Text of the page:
1/3 to 1/2 cup milk
1/2 teaspoon vanilla extract

To make the dough:
   The night before you would like to eat your cinnamon buns, fit your mixer with the dough hook. To the mixer bowl, add the flours, the sugar, yeast, salt, water and eggs. Beat on low speed until combined, then mix another 3 to 4 minutes. It will be quite stiff and look like this:


   Now, still on low speed, add the butter, 3 tablespoons at a time, allowing each addition to be completely incorporated before adding the next. Do this until all the butter is incorporated. It will look shaggy and scary at this point, like this:


   But keep going! Scrape down the side of the bowl and beat on low for 10 minutes. Then, increase the speed to medium and leave alone to mix for another full 15 minutes. Now, turn the speed up to medium high and mix for another 1 to 2 minutes until it pulls all together and looks absolutely shiny and gorgeous, like this:


   Place the dough in a bowl, use plastic wrap to cover, pressing it down onto the surface of the dough, and place in the fridge for 6 hours or up to overnight.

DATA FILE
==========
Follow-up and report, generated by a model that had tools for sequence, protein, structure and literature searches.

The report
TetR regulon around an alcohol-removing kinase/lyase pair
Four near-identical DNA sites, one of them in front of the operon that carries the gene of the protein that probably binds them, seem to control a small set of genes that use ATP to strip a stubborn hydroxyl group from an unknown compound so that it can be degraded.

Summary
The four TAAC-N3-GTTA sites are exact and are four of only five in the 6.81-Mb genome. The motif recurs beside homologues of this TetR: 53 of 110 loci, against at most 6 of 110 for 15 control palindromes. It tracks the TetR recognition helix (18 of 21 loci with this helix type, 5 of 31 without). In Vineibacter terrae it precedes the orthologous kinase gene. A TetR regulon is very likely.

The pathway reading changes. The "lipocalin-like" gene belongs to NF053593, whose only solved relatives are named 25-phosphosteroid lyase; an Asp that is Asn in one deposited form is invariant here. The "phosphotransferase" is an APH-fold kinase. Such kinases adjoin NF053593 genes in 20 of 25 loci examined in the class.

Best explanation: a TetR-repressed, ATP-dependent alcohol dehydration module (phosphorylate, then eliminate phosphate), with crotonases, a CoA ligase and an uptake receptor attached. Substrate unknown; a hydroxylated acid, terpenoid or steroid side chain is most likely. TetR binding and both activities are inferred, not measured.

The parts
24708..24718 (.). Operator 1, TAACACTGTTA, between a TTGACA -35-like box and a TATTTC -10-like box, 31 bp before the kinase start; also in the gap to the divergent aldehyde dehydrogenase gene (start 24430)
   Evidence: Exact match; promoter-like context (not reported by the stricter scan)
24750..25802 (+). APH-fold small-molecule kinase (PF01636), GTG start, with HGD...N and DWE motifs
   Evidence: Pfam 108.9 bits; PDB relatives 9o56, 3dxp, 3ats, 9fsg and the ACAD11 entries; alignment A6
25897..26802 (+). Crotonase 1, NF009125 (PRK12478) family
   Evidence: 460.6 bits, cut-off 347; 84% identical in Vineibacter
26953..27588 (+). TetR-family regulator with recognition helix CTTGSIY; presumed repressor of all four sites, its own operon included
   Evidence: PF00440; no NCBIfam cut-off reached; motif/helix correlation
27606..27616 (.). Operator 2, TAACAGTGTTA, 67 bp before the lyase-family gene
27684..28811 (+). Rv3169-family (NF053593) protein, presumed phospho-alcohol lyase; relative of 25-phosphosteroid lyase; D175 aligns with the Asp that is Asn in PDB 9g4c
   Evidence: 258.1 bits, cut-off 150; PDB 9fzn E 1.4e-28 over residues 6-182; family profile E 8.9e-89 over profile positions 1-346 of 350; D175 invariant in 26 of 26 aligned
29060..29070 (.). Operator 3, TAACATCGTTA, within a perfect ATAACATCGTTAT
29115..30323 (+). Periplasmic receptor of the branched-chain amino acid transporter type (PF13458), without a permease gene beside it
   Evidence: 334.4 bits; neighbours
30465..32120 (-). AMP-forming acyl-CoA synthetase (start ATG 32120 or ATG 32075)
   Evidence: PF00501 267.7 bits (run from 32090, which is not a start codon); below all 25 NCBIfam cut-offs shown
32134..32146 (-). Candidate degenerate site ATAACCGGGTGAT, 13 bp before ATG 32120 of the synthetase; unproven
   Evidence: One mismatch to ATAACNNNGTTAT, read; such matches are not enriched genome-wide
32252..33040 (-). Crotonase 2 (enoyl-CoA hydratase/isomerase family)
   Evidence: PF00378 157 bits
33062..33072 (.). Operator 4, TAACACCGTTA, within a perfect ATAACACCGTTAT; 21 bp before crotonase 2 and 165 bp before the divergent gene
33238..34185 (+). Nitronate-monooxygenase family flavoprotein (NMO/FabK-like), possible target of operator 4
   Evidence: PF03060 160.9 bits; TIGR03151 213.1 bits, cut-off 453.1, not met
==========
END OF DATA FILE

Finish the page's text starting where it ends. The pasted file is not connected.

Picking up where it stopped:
Remove the dough from the fridge, cut the dough in half. Wrap one half in plastic wrap and freeze for up to one week or refrigerate for up to one day and use for something else. With the remaining half, use your rolling pin on a lightly floured surface to roll the dough to 1/4 inch thickness and a rectangle about 12 X 16 inches. Using the melted butter, brush the entire dough surface to coat in butter. Mix the sugars and cinnamon and sprinkle this over the entire dough surface. Sprinkle with the raisins. Start at a longer edge, roll the dough up tightly, like a jelly roll. Cut at 2 inch intervals into disks to make a total of eight buns.

   Coat a 9 X 13 inch baking dish in butter. Arrange the buns in the pan, cover, and place in the fridge over night. Te next morning, remove form the fridge and allow to rise at room temperature 1 1/2 to 2 hours, or until the dough is slightly puffed. Preheat your oven to 350 degrees and bake for 30 to 35 minutes or until golden brown.

   Remove form the oven and allow to cool. As they cool, make the frosting.

   In your mixer fitted with the whisk, beat the cream cheese, confectioners sugar, 1/3 cup milk and the vanilla extract until very smooth. If not the desire frosting consistency, add a little more milk.

   Frost the buns generously and serve very warm.

   Makes 8 buns.

And Then I Baked

Monday, September 5, 2011